The comprehensive regional framework executive order establishes the foundations for managing migration between the Northern Triangle and the U.S.-Mexico border. It calls for the development of policies that target the root causes of migration and strengthen the humanitarian protection systems in Mexico and the Northern Triangle Countries. It also creates legal channels for Central American migrants to seek protection in the U.S. The order also calls for border policies like the Migrant Protection Protocols to be reviewed, which will assist with the administration’s process for ending these measures this year. 

Finally, the last executive order  seeks to improve the legal immigration system and integration of immigrants. It requires the U.S government to assess how it can eliminate backlogs and delays in the processing of green card and citizenship applications. It also creates the Task Force on New Americans to develop federal immigrant integration measures. Finally, the order reviews the Trump Administration’s public charge rule, which limited green card access to migrants who have used – or may use – public benefits. This step will then initiate the Biden Administration’s elimination of the public charge rule.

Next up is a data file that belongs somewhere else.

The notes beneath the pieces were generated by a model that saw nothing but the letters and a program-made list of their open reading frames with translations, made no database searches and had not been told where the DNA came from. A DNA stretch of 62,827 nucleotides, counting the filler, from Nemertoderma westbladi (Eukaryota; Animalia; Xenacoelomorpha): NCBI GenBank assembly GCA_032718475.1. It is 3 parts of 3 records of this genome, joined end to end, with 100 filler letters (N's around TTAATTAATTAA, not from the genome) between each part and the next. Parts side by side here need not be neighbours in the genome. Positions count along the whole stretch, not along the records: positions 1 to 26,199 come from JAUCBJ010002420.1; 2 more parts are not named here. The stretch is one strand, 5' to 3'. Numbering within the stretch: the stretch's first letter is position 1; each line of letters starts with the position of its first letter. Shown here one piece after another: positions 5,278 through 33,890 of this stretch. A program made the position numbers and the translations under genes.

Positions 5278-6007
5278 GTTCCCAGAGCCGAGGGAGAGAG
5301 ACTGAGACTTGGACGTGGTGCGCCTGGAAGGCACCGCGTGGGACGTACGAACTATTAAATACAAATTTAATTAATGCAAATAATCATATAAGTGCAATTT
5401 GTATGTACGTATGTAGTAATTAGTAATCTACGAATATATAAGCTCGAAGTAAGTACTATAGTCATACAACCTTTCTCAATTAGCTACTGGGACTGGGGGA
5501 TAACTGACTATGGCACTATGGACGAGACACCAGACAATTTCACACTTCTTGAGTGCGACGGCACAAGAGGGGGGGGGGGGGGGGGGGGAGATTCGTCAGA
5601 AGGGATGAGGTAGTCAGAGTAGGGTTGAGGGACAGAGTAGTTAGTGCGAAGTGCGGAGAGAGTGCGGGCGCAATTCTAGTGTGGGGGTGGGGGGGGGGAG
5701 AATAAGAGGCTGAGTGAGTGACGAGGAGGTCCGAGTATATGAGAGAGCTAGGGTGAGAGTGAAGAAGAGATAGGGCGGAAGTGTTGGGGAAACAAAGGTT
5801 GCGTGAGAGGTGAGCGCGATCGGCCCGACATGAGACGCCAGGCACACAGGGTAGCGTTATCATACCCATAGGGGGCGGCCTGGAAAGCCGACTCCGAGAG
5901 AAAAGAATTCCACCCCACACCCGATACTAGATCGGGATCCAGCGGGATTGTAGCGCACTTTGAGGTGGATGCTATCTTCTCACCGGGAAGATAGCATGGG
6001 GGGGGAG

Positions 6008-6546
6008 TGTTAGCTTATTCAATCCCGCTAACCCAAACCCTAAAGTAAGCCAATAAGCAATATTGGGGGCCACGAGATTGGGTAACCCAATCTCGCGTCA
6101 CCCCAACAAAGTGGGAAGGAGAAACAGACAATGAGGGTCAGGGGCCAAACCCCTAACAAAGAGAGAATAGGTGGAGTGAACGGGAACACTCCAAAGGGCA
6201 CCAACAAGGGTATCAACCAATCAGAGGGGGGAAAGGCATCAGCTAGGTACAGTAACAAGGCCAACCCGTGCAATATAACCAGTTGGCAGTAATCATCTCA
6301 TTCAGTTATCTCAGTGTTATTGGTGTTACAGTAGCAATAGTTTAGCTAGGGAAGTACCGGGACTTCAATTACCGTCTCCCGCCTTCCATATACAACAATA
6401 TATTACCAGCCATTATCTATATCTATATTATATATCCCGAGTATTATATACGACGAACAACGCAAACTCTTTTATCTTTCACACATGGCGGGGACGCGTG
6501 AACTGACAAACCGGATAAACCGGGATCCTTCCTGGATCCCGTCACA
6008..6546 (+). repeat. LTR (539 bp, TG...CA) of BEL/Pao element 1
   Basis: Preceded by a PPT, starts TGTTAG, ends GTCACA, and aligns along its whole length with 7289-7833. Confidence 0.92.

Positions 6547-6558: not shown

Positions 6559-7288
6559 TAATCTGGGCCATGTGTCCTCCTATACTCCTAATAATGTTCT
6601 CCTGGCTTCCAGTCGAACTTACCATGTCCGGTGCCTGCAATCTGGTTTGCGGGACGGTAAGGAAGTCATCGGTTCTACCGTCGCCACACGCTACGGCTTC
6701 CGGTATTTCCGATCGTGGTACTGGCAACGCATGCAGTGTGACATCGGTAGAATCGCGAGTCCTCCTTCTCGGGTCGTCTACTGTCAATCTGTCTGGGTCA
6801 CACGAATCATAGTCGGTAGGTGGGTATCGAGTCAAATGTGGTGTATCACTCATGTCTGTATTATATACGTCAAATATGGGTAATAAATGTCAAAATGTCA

How can the executive orders be strengthened? 

Although the orders advance policies that can improve the management of immigration in the United States and the region between the Southwest Border and the Northern Triangle, the regional executive order overlooks some important policy areas essential to meeting these goals. 

First, the document doesn’t outline the role enforcement plays in managing migration in the region. For instance, the order doesn’t instruct the Department of Homeland Security to work with its law enforcement counterparts in Mexico and the Northern Triangle to adjust existing law enforcement agreements and create new ones to support this new framework while continuing to target security threats. It also doesn’t call for assessing the enforcement and non-enforcement needs of U.S. Customs and Border Protection agents at the border, even though it initiates the creation of protocols to surge resources to the border.